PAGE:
A WOMAN who suffered a £7,000 burglary recognised the culprit’s jacket from CCTV and realised it was her own neighbour who had robbed her.
Zoe Bloodworth, 32, turned detective after her home was broken into by a man whose face was obscured by a beanie hat but who wore a distinctive Superdry jacket.
The teacher stopped her neighbours in the street to see if they knew anything about the break-in.
But she was stunned when she noticed one of them called Ross Peters was wearing an identical black, zip-up jacket as the man in the CCTV.
Zoe said: ‘It actually clicked as he was walking towards me — I didn’t let him know I knew because he is a dangerous man as well.
‘He was wearing the same Superdry jacket. There was no doubt it was him.
‘When we were talking he acted completely like he hadn’t heard anything and said “let me take your number if I hear anything I will call you”.
‘He looked me in the eyes, shook his head and told me he knew nothing. There was no remorse.’
Zoe then reported the man to the police.
At Luton Crown Court Last week, 41-year-old Peters was jailed for 27 months after pleading guilty for his part in the burglary, which took place in January this year.
Primary school assistant headteacher Zoe returned to her trashed home to find she had been burgled by crooks who managed to get away with £7,000 worth of sentimental items.
They included jewellery left to her by her late grandmother, who died last year.
CCTV outside her home in Kempston, Bedfordshire, captured Peters lurking outside for 45 minutes as a ‘lookout’ as another unknown man went inside and carried out the raid.
Zoe and her sister Stephanie Bloodworth, who she lives with, reported the burglary to police but a day later went out to ask their neighbours if they’d seen anything.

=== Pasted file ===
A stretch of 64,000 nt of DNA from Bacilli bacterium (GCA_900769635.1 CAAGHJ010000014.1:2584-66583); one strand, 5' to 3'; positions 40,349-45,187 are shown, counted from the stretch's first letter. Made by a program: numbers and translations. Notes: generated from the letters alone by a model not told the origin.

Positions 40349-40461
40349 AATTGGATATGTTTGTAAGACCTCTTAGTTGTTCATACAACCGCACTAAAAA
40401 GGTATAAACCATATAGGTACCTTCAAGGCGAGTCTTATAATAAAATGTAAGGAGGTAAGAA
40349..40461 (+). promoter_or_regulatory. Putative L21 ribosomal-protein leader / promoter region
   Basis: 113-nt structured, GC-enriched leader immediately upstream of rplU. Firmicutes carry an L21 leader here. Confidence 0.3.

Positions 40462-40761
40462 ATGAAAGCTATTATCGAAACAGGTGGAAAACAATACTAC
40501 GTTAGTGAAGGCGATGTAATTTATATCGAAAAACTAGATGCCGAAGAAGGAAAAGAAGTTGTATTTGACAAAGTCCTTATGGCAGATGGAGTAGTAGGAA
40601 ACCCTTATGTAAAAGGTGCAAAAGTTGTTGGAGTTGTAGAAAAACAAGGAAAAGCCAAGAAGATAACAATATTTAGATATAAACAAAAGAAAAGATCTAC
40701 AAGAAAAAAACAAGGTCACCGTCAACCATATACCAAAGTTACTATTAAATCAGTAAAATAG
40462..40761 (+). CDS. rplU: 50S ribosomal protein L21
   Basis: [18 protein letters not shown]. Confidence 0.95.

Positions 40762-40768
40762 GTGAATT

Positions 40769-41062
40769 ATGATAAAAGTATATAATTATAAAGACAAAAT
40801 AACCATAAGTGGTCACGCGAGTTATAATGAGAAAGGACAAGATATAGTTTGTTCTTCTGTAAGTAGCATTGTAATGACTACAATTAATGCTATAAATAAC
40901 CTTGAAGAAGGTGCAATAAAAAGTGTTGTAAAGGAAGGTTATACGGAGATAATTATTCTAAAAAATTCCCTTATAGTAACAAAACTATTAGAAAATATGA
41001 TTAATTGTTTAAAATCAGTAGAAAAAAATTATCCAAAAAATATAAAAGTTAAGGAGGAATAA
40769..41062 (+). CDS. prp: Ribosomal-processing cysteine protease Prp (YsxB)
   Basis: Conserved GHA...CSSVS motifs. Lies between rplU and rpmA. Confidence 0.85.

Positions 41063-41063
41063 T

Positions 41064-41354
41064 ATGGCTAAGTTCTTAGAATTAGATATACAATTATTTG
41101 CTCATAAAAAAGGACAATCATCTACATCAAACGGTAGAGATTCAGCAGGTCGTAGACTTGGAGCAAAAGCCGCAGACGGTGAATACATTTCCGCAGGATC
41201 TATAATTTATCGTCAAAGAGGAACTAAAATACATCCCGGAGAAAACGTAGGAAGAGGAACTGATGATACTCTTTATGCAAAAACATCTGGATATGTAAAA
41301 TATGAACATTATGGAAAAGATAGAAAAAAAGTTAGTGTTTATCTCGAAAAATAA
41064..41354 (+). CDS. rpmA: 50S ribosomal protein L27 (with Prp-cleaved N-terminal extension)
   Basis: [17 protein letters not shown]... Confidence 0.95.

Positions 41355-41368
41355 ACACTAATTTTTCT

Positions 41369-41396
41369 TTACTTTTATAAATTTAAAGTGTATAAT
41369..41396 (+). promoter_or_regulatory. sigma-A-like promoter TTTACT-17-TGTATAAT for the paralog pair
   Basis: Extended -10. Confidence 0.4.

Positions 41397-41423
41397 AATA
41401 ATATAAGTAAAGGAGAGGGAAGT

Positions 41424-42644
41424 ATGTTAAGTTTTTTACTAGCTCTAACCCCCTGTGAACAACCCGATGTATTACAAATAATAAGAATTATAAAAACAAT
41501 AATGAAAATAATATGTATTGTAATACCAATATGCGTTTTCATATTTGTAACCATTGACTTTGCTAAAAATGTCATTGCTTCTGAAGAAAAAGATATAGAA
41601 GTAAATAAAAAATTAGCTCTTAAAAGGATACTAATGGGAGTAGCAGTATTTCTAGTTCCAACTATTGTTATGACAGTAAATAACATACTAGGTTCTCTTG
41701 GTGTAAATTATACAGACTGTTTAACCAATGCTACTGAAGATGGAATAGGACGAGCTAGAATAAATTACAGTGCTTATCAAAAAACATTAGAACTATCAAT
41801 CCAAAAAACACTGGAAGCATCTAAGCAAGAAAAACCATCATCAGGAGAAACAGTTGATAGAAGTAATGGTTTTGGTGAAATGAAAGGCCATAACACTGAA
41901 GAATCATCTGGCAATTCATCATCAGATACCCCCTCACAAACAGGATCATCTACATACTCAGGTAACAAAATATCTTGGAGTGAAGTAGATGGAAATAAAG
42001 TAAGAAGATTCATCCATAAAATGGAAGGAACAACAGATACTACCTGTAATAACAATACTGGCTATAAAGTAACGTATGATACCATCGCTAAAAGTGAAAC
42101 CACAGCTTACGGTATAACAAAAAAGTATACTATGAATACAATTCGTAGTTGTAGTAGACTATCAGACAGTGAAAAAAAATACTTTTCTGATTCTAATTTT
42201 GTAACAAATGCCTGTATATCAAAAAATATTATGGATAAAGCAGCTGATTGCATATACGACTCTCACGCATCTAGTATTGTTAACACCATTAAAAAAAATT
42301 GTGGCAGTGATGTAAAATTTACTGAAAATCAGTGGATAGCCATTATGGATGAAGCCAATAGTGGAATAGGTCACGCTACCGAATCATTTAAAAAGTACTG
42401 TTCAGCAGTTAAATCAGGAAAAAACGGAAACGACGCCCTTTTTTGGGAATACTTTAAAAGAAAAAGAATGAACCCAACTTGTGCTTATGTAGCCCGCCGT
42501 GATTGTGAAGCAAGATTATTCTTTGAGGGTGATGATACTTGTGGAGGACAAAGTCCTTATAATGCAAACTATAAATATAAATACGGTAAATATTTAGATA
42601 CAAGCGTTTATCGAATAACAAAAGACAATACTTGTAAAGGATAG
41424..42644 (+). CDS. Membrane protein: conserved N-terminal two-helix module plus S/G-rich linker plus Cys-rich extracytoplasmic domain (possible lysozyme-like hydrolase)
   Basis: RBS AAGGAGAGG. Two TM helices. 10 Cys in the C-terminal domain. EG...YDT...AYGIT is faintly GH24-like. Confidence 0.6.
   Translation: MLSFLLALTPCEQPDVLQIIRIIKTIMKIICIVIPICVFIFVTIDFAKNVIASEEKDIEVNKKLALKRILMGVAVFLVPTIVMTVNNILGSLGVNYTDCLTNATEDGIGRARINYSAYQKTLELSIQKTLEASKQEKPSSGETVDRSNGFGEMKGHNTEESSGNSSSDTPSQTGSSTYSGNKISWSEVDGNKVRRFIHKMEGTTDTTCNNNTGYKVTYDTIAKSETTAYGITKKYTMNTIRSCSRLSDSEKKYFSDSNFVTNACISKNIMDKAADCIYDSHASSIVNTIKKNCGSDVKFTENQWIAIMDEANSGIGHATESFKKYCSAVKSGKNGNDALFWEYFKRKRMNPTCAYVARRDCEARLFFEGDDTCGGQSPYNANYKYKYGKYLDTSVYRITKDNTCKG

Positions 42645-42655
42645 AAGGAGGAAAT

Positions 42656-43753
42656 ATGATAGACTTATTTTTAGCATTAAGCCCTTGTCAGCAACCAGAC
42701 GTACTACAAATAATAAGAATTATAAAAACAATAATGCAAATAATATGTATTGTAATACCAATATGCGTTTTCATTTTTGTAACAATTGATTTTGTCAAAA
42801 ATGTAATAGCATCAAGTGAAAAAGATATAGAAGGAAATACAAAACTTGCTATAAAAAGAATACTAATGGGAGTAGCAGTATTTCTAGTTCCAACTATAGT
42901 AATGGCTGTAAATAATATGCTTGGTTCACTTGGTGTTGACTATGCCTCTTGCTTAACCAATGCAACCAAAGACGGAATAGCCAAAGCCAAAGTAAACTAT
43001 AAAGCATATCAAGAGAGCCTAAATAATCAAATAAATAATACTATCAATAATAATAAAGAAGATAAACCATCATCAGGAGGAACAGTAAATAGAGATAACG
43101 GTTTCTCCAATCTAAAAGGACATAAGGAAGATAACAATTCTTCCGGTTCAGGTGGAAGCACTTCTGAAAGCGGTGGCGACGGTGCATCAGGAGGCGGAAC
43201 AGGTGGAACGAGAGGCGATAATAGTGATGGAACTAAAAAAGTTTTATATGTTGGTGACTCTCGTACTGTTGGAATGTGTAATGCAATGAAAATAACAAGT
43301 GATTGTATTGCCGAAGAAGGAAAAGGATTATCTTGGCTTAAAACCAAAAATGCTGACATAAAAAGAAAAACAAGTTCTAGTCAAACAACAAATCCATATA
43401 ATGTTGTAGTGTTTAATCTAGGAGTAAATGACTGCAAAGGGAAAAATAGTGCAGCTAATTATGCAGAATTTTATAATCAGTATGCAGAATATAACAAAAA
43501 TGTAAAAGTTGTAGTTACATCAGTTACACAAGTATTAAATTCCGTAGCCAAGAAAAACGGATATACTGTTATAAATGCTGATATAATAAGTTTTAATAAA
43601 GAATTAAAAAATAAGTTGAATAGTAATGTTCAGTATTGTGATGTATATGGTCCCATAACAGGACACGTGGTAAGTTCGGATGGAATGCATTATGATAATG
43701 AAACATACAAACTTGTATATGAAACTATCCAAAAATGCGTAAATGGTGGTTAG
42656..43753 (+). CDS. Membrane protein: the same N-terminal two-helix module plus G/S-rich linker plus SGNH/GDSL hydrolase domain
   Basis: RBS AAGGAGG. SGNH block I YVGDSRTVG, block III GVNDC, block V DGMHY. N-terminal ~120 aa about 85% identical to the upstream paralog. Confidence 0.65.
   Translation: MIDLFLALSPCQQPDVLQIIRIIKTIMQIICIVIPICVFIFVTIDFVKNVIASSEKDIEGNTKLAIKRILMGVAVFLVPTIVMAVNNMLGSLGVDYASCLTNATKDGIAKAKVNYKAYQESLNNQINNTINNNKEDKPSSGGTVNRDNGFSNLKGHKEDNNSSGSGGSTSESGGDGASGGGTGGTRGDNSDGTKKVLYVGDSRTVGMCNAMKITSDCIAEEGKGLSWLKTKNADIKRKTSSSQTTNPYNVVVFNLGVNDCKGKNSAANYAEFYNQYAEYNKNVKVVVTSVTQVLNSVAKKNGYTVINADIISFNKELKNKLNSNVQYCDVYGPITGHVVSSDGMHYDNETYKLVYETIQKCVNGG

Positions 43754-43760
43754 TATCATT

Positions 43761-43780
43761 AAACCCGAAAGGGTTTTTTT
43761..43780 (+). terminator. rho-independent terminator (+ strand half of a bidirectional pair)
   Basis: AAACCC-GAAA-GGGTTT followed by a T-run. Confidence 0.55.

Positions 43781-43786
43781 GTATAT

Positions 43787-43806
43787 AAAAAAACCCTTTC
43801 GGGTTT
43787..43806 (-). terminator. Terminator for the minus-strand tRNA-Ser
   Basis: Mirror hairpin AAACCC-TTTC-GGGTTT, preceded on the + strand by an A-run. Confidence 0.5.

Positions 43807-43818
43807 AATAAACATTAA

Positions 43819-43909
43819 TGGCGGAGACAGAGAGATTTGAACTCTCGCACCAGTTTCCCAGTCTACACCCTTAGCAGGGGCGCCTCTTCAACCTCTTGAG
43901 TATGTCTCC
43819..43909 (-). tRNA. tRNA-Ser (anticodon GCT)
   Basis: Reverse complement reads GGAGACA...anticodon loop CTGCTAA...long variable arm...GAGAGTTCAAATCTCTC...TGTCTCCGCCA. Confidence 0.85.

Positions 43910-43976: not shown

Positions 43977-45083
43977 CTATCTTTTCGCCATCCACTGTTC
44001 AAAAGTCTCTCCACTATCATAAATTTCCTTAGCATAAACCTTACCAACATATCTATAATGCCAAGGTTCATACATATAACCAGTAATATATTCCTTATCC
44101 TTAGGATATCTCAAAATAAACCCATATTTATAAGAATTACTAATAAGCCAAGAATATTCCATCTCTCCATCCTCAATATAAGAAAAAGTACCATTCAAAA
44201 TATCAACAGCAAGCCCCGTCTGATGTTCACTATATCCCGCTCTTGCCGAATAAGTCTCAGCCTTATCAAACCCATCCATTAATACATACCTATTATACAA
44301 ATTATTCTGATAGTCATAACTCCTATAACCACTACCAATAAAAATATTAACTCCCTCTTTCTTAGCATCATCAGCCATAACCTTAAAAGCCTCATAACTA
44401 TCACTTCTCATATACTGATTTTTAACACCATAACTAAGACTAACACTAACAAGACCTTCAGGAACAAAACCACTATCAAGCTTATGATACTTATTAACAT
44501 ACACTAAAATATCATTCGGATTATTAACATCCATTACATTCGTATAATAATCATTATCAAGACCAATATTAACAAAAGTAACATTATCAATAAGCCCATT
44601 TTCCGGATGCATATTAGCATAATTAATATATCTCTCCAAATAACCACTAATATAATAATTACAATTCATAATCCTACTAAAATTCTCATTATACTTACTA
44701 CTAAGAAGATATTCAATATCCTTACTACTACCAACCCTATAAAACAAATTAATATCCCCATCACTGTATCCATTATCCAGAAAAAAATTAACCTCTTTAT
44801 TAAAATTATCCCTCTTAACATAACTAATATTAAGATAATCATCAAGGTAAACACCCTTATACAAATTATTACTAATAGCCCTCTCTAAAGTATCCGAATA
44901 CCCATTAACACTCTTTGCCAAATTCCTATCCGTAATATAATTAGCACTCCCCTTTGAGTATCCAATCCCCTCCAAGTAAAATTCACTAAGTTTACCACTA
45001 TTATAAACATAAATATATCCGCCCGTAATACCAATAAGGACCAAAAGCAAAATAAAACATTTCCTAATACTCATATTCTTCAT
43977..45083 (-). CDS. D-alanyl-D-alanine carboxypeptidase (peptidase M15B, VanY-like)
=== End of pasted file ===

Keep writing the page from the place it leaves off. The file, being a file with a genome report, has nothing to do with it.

They began speaking to Peters, when they realised they recognised him from cameras outside their home.
‘I went for a walk with my sister to see if any of the stuff was left down the road and I saw Ross walking,’ said Zoe.
‘I even explained in desperation that the items which were taken had belonged to my late grandmother, to which he replied ‘My nan died too.’’
‘I managed to carry on talking to him through fear, it is amazing what you can do when you need to protect yourself.
‘Although I can see why some people might have been raged by it. People handle things differently.
‘He had worked it out, a few days later that I knew it was him because the police were trying to get hold of him, and he kept calling the number I gave him.’
The items stolen from Zoe include rings, bracelets and necklaces, designer handbags, makeup and clothes.
But she and her sister are still living with the psychological scars of the burglary today.
She added: ‘It was my nan’s jewellery, that was really upsetting because she died this time last year and she wanted us to keep it all.
‘I have flashbacks about what happened. I have nightmares about people breaking into my home and it all happening again.
‘I hear every noise, every sound, and at one point I felt that I couldn’t even sit down in my own home for fear of not being ready for what might happen next — I cannot relax.
‘I was affected so badly I was unable to concentrate on daily life.’